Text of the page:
Another example of how SCADA works involves the manufacture of a certain product. An operator may be notified by the SCADA system that a specific batch of the product is displaying a high number of errors, which could lead to significant problems if the product is placed on the market before the errors have been corrected. With this notification, the operator can pause the operation momentarily while they take a look at the data received by the SCADA system through an HMI. This data allows the operator to determine what’s causing the problem. Once the problem has been identified, a correction can be made and future losses can be prevented. A standard SCADA system includes sensors or manual inputs that feed data to the PLC or RTU in the system. This data can then be sent to an operational terminal via an HMI or a workstation.
Costs Associated With SCADA Systems
The costs for a SCADA system depend mainly on how complex the system is. If the SCADA software that you need to purchase is designed for a small office setting, the costs will be low. However, if the SCADA software is going to be installed for the monitoring of a municipal water plant, the costs will be much higher. SCADA pricing also depends on the company that you purchase from, the bundle that you select, and the features that you want your software to have. Some companies offer custom solutions that are available for as low as $1,500-$2,000. Basic packages tend to cost upwards of $8,000-$10,000 and come with such features as alarm notification, the ability to store tag histories, and unlimited SQL access.
Some companies will offer additional packages and bundles that can range from $15,000-$40,000. The mid-tier package might include an extra layer of business analytics and data management, while the top-tier package could be outfitted with SMS functionality, voice notification, and sequential function charts. The package that’s right for you and your business largely depends on the needs of your company. Many businesses will also offer individual modules with their SCADA software that allows you to only purchase the features that you require. For instance, you might be able to obtain unlimited HMI visualization clients for around $5,000-$7,000 or a reporting module for a few thousand. The best SCADA providers will offer packages that bundle software features as well as individual modules, which means that even smaller companies would be able to afford the software.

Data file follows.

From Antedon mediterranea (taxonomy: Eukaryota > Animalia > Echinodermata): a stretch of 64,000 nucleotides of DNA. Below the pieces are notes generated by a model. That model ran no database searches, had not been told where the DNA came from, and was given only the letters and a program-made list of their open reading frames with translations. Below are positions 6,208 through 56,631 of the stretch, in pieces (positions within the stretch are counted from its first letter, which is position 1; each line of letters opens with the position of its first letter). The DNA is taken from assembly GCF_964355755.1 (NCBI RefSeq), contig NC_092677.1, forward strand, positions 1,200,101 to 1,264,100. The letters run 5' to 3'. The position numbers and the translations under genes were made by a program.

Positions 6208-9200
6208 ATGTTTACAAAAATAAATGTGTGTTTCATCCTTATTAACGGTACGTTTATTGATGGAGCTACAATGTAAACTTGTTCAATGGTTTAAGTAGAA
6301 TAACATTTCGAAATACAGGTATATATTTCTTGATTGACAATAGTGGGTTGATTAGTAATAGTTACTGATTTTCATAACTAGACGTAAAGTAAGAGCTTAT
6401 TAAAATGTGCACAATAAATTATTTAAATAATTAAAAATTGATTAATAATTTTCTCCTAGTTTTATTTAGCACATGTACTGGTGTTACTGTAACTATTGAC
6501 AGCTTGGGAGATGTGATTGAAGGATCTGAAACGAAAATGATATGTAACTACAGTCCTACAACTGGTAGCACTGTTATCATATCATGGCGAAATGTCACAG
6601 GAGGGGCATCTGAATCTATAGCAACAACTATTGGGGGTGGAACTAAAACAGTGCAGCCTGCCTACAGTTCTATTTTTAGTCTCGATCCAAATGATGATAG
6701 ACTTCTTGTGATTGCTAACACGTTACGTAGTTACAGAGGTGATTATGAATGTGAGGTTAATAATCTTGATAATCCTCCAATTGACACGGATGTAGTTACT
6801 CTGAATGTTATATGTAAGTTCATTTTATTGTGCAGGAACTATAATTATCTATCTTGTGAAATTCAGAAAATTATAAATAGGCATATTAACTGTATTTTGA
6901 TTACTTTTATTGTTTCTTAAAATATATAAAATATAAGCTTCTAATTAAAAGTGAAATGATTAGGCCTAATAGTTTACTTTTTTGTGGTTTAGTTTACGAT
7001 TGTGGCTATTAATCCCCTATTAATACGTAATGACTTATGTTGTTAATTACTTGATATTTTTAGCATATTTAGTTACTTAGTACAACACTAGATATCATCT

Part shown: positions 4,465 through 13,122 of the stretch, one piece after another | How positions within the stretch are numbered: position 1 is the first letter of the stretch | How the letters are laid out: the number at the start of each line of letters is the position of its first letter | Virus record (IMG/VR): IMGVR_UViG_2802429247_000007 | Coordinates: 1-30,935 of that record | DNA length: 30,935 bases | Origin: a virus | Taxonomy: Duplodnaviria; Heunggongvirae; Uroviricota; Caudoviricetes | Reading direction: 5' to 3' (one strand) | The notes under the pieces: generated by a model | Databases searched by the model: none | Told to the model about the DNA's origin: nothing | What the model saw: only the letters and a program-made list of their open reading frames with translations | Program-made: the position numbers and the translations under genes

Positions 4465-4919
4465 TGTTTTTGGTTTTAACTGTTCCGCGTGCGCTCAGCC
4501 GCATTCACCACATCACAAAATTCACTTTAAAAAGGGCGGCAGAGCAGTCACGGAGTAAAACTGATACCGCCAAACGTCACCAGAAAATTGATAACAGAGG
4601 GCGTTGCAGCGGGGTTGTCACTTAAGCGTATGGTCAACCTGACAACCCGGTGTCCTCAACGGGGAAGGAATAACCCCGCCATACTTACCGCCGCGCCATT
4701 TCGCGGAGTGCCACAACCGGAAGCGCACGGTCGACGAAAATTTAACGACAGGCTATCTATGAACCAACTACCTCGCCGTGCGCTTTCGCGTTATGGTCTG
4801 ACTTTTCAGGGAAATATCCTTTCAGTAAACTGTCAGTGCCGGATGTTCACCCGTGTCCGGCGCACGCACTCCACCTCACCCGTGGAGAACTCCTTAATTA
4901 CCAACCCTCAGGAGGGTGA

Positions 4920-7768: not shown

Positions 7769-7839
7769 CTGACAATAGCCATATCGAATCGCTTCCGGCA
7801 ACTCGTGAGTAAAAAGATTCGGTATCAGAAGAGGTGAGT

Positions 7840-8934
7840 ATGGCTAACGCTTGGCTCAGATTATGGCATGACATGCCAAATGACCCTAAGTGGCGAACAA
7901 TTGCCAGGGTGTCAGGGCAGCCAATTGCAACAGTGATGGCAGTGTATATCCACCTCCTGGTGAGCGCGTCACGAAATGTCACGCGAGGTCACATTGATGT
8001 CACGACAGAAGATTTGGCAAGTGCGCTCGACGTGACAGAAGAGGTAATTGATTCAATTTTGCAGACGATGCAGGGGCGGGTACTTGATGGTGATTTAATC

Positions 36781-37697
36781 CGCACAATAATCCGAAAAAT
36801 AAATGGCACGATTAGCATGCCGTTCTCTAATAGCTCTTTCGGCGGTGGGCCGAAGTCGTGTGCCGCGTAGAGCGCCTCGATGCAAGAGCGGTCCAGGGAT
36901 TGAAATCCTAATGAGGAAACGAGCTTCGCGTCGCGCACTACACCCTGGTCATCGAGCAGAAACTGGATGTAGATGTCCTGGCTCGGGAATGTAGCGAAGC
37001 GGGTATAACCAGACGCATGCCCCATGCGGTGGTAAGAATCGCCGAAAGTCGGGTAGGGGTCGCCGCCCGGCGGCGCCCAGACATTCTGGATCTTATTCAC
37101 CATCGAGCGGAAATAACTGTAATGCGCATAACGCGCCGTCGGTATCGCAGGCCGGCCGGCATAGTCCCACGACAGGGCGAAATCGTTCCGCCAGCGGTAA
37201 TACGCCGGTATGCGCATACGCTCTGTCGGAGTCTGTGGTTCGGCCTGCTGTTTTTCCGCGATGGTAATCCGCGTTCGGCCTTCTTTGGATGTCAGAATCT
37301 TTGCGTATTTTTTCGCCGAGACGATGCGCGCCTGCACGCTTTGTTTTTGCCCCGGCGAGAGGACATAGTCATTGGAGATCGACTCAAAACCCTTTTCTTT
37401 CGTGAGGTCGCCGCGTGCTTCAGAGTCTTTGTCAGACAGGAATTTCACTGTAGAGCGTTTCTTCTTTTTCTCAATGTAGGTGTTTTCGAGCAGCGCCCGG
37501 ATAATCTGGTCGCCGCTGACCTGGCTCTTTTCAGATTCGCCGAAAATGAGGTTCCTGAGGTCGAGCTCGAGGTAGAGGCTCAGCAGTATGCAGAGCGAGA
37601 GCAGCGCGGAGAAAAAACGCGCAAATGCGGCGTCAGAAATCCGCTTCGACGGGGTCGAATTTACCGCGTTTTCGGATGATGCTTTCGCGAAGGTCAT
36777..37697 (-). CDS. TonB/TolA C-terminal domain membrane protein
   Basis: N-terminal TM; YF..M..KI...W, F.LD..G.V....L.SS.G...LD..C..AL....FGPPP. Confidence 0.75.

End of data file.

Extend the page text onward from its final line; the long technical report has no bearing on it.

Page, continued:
Problems You Might Encounter With SCADA
Even the best SCADA systems can malfunction from time to time. The system may even appear to be working correctly during diagnostics only to malfunction at a later date, which can be problematic when you need to make sure that your office building or industrial plant is operating smoothly. One of the more common problems that you might encounter with SCADA involves a direct connection from external enterprise systems to SCADA. These systems are designed first and foremost to be data collection and visualization tools, which means that additional functionalities aren’t always readily supported.